On day of disappeared, one more yearning for the missing
KATHMANDU, AUG 31 -
Amrit Kandel, a Dhading native, was quietly resting in his rented room
at Chabahil with his brother Ramhari, when the Army barged in and whisked them away on the charge of “spying.” It was 2003 and the country was in the midst of battling a Maoist insurgency. Amrit, in his early twenties and in the first year of pursuing a college degree in Kathmandu, was never heard from again.
“He was not a Maoist, nor had ever taken part in a war,” said 63-year-old Tika Kandel, Amrit’s father, tearfully. “He was a smart kid and would have been a job holder by now,” Tika, visibly affected by his son’s memories, added, rearranging the frames of his sizeably thick glasses.
Ramhari was released a month after the ‘arrest’ but Amrit never reappeared. “We were told my younger son would be released soon,” said Tika. “But he never came back.”
Kalandhar Dhakal, another father, too waits hopefully for his son’s return. Rajendra Dhakal was disappeared by the then rebel Maoists from Khairenitar of Tanahun in 1998. The aged Kalandhar has yet to perform the death rituals for his beloved son, 14 years after his enforced disappearance.
According to the data compiled by International Committee of the Red Cross (ICRC), at least 1,400 people—like Amrit and Rajendra—were
spirited away during the insurgency period either by then CPN (Maoist)
or by state security forces. ICRC’s report was released on Thursday, on the International Day of the Disappeared, as recognised by the United Nations.
Figures of the disappeared, as recognised by the Informal Sector Service Centre (Insec) and the National Human Rights Commission (NHRC), are 930 and 835, respectively.
On the occasion, human rights watchdogs, including the NHRC, Amnesty International and the Advocacy Forum, issued unanimous press statements condemning the government’s push to form the Commission of Inquiry on Disappearances through an ordinance. Speaking at a programme organised in the Capital on Thursday, Ram Bhandari, president of the National Network of Families of Disappeared, said the government’s move to form the commission through an ordinance could be to grant general amnesty for all wartime crimes.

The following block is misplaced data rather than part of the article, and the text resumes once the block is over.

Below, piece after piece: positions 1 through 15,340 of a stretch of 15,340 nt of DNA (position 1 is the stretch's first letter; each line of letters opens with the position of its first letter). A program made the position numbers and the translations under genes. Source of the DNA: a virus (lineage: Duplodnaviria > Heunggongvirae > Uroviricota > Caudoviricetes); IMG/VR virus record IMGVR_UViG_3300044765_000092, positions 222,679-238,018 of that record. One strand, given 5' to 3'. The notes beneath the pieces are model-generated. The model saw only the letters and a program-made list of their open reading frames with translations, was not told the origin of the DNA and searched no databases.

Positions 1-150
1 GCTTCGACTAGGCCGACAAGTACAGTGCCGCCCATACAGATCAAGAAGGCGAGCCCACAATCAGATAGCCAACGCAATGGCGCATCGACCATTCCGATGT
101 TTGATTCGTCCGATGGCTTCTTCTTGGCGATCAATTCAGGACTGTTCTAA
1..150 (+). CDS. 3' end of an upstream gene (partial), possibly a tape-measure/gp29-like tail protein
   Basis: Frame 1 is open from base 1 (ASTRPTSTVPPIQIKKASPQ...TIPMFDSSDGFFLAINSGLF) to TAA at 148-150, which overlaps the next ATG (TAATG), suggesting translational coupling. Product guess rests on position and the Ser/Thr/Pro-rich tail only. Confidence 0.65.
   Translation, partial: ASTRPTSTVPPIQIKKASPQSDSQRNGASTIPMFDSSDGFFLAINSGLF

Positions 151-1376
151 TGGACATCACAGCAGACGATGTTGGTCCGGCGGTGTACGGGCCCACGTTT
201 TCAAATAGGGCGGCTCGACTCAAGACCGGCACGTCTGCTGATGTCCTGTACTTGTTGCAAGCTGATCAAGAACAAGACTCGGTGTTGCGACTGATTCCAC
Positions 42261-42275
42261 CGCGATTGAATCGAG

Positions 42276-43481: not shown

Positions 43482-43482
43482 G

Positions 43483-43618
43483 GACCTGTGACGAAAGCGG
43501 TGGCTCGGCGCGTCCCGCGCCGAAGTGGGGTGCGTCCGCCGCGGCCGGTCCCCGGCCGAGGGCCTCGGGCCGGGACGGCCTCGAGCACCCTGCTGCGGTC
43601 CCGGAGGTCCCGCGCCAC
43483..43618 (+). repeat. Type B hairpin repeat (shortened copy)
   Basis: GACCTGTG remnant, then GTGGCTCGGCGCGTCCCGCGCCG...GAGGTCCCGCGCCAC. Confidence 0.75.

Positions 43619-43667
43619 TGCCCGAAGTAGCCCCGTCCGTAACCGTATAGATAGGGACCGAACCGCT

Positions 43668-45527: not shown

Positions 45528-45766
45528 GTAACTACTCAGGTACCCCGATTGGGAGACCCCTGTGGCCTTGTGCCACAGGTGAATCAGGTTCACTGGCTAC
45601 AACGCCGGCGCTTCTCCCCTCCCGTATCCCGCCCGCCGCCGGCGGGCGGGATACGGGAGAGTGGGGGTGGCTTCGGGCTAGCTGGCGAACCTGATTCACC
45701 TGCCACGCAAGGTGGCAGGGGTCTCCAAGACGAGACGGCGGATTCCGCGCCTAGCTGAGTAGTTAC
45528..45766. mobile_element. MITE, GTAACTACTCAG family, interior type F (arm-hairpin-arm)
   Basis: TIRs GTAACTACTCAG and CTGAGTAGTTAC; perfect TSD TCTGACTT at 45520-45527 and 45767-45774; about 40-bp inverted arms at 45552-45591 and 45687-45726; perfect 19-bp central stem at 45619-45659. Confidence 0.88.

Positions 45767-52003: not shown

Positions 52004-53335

Sylvie Thoral, head of the ICRC’s delegation to Nepal, said that enforced disappearances were among the worst forms of traumatic violence that could plague families forever.
In the absence of any legal acknowledgement of the special status of missing persons, families face difficulties on a daily basis and struggle to cope with various administrative and legal procedures, the ICRC stated. The statement urged government bodies responsible to take all feasible measures to account for people who went, and still are, missing.
In Nepal, enforced disappearances, which occurred aplenty during the decade-long Maoist insurgency (1996-2006), can be traced back to the 1950s, just after the Rana regime was overthrown.
An Insec report released last year stated that it was after the establishment of democracy in 1950 that the trend of enforced disappearances—considered the worst of all human rights violations—started with Ram Prasad Rai being arrested and eventually disappeared in 1951. Rai, a Nepali Congress activist, actively participated in protests against the Delhi Agreement signed the same year. Sukhdev Singh was arrested in 1956 from Inaruwa and disappeared.
Although these are the only known persons disappeared between 1950 and the commencement of the Panchayat era (1960-1989), the number grew to 27 during then king Gyanendra’s direct rule. A number of people, especially students, who opposed the king’s regime, were arrested and disappeared by security forces.
Posted on: 2012-08-31 08:06